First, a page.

The Coronavirus and Climate Change – Lessons Learned

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The coronavirus and climate change are very different problems. But the global response to the coronavirus gives me hope that we can tackle other global threats.

Dr. Tima Bansal is Founder of the Network for Business Sustainability.

It is hard to see the positive in the novel coronavirus and its associated disease, COVID-19. Not only has COVID-19 made people very sick, it has exposed our vulnerability to global threats.

There’s chaos and devastation in the wake of COVID-19, but there are also a few bright spots, including the drop in pollution and the strengthening of local communities.  

One positive outcome that I have not seen mentioned is the demonstrated ability of the global community to act quickly. Even if governments have been slow to act, many individuals have responded swiftly. This mobilization may, in fact, be the most important learning of all.

My personal decision related to COVID-19

A few weeks ago, I and the other organizers of the NBS Sustainability Centres Workshop decided to postpone the June 2020 workshop in Vienna. The decision seemed easy at the time, even though few other events had been cancelled and only a few thousand people had COVID-19, primarily in China.

Our logic was straightforward. Researchers were unlikely to develop a vaccine quickly, so in order to slow the spread of the virus, participants would either stay away from the conference voluntarily or be forced to do so. We wanted to be part of a global community showing responsibility.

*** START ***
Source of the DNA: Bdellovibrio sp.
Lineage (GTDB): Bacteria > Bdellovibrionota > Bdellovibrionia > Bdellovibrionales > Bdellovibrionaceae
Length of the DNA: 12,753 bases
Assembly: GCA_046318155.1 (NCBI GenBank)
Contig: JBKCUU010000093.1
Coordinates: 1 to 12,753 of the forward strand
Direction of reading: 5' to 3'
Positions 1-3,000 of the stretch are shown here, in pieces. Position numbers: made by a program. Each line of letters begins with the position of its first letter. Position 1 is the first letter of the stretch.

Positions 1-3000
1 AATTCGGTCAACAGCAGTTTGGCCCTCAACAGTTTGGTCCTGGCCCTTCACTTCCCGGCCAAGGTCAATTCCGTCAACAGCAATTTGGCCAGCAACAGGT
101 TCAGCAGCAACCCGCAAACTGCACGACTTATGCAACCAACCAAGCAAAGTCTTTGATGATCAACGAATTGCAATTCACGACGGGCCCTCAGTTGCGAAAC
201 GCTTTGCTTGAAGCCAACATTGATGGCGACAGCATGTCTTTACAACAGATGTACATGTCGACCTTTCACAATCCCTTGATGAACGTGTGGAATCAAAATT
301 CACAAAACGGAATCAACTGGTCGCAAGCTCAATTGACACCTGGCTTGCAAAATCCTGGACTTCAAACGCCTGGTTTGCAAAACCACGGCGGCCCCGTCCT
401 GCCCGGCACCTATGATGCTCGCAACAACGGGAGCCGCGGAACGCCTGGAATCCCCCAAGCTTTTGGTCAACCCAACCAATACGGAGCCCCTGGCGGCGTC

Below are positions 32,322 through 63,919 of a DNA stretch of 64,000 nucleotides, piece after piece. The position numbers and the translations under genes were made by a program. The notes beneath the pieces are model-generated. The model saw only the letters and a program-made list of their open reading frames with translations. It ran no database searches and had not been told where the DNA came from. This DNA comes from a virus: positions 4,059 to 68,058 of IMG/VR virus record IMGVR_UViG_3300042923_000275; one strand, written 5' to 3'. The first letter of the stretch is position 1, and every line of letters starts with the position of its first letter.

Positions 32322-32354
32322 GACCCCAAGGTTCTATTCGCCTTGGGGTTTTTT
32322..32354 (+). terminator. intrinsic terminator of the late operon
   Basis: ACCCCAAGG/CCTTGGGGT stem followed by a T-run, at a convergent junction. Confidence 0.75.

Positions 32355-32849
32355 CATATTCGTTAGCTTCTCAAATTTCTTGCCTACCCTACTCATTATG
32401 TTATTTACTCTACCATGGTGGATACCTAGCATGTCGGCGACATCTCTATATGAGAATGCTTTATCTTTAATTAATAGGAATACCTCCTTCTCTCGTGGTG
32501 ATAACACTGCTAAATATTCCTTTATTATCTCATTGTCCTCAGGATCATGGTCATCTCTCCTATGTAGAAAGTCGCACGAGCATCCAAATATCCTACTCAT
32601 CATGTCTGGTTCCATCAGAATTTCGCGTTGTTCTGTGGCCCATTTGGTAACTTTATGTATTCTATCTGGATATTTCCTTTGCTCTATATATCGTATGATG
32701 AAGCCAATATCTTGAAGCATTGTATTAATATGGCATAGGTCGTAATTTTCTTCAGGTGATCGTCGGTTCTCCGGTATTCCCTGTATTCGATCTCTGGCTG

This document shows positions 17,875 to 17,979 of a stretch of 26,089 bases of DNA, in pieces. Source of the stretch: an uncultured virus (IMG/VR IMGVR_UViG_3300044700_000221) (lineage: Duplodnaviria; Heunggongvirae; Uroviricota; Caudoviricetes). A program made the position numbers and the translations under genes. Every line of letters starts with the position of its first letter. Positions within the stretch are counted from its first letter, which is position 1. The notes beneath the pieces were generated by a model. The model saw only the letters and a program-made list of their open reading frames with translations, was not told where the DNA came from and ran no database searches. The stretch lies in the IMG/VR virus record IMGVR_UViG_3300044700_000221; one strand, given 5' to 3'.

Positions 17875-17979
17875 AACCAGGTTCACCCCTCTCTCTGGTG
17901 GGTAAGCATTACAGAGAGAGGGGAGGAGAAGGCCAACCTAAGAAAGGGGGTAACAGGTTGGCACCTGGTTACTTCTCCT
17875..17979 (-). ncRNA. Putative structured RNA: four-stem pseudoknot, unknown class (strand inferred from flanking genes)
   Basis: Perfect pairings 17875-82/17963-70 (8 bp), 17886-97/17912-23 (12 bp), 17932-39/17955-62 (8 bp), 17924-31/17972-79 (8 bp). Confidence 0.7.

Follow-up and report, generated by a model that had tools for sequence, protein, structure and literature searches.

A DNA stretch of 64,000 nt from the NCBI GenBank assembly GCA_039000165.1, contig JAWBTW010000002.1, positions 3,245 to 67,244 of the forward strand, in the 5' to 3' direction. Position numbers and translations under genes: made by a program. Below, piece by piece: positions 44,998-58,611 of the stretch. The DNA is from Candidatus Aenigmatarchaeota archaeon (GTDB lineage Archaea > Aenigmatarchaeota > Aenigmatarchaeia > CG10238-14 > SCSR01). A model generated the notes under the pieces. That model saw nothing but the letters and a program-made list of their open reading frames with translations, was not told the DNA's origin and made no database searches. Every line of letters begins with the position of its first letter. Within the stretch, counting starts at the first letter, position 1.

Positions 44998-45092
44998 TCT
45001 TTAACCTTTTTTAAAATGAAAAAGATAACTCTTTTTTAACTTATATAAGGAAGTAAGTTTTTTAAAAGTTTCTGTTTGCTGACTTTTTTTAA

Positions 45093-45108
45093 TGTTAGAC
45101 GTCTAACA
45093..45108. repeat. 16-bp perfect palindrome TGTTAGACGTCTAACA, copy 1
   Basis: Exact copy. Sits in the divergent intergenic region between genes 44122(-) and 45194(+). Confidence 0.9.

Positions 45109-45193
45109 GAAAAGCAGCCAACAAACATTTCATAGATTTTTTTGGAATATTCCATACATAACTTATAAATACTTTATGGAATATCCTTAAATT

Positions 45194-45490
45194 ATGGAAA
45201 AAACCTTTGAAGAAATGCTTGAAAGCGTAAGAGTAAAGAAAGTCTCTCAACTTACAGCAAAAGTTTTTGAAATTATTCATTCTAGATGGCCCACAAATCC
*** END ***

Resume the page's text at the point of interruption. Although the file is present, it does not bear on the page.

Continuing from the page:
Since our decision to cancel our event, there has been a cascade of cancellations, including major music festivals and sporting events. The financial losses and personal disappointments are staggering. But, people have rallied around the need to prevent a global catastrophe that could hurt or kill millions.

COVID-19 has focused society’s attention

The degree to which COVID-19 has captured the attention of the world is truly remarkable. Many of us are pinned to newscasts, watching the numbers of sicknesses and fatalities tick upwards each day, as different countries jostle for the top or bottom spots (greatest or least increase in infections).

Without doubt, the public’s response has been visible and swift. There are few people in the world who are unaware of the virus.

COVID-19 has some positive outcomes

The attention has changed the way in which people live and work. People with flexibility are canceling meetings or taking them online. We are moving around less and spending time at home. Even professors, who are risk averse and sometimes slow to change, are learning to teach online — within just days. People are collectively working to safeguard not only ourselves, but our neighbours and community. Just one example is MutualAid groups in the UK.

On the environmental side, the BBC showed satellite images of the pollution over all of China and over Wuhan before and after the COVID-19 outbreak. Red spots representing pollution before the outbreak were erased in the days after the outbreak.